When the UN voted for the formation of the state of Israel, the Arab world objected; this book excerpt examines how Israel defended itself from Arab nations and was able to establish the state of Israel.


This article is a chapter (The 1948 Palestine War), from the book ‘Modern Egypt: The Formation of a Nation-state’ by Arthur Goldschmidt Jr., which makes the following points:

  • Egypt was a troubled country between 1945 and 1952.
  • Its leader, King Faruq, was corrupt and an ineffective leader.
  • His family owned around 10% of Egypt’s land.
  • The British had tried to depose him.
  • Ninety per cent of the population suffered from poverty, illiteracy, endemic diseases and a sense of hopelessness.
  • The US urged an Egyptian New Deal.
  • The British Mandate over Palestine ended in May 1948.
  • The State of Israel was declared at the same time.
  • The Arab League resolved to go to war against Israel.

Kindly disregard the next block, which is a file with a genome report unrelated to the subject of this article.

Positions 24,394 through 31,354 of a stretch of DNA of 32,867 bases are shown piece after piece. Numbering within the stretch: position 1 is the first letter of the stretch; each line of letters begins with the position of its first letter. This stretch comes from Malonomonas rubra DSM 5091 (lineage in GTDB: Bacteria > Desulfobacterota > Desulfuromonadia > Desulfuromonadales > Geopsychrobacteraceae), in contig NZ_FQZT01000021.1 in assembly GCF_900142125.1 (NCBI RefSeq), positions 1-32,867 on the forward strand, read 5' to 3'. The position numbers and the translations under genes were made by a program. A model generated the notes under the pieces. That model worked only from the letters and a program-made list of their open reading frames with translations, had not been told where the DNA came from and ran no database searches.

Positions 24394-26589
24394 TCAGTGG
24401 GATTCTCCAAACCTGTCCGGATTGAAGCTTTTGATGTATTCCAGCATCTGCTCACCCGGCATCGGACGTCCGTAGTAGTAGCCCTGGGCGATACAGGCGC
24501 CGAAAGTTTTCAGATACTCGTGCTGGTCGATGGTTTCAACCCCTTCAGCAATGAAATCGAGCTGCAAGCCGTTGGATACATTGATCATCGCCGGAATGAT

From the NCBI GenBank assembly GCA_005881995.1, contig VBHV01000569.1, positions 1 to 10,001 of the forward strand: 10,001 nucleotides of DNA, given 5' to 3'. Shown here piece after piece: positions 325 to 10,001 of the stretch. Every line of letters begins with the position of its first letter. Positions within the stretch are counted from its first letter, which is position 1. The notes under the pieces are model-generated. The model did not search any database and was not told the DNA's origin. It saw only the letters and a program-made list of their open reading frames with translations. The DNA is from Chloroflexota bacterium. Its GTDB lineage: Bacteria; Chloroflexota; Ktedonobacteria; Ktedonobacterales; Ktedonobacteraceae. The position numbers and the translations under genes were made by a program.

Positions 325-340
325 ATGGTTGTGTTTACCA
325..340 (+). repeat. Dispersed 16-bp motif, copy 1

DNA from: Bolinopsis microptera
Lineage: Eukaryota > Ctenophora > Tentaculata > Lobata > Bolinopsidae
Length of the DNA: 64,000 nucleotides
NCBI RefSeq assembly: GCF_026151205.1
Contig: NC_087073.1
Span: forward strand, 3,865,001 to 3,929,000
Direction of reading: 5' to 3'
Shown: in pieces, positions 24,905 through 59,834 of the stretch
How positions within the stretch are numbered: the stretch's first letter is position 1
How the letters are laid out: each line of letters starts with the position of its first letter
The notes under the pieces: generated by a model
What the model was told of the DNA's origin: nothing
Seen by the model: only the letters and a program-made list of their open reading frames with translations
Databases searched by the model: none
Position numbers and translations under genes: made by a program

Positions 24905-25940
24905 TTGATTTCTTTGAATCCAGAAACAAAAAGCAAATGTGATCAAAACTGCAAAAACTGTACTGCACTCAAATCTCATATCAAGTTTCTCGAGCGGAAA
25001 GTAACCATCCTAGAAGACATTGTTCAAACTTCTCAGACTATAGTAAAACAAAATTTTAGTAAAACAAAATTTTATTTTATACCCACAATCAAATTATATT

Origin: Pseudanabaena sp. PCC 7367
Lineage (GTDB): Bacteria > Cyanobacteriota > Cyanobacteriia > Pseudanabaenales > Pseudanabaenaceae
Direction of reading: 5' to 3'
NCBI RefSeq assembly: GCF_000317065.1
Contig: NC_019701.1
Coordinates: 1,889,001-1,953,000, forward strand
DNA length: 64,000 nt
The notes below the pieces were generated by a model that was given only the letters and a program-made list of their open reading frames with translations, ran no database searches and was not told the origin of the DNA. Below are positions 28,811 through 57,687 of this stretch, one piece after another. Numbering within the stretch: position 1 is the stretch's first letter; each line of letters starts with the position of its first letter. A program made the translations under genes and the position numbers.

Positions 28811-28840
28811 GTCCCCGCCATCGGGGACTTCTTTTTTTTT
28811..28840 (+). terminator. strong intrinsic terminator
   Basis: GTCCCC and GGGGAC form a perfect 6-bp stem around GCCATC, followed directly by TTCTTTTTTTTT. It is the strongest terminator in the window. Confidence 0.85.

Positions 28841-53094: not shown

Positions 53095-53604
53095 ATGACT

• Faruq committed the Egyptian Army to fight in the 1948 Palestine War to prevent Amir Abdallah of Transjordan from controlling Palestine if the Arabs won.
  • The Egyptian general staff warned that the Army was so unprepared it even had to borrow road maps of Palestine.
  • Faruq made the strategic decisions but was compromised by his mistress passing details to Israel.
  • There were no plans to resupply Egyptian forces,
  • Army leadership regarded it as a political war.
  • There was no coordination between Arab forces.
  • Israel defeated the Arab armies, including Egypt.


Recent Runway Posts related to this topic:
References from the Web:
Source Information: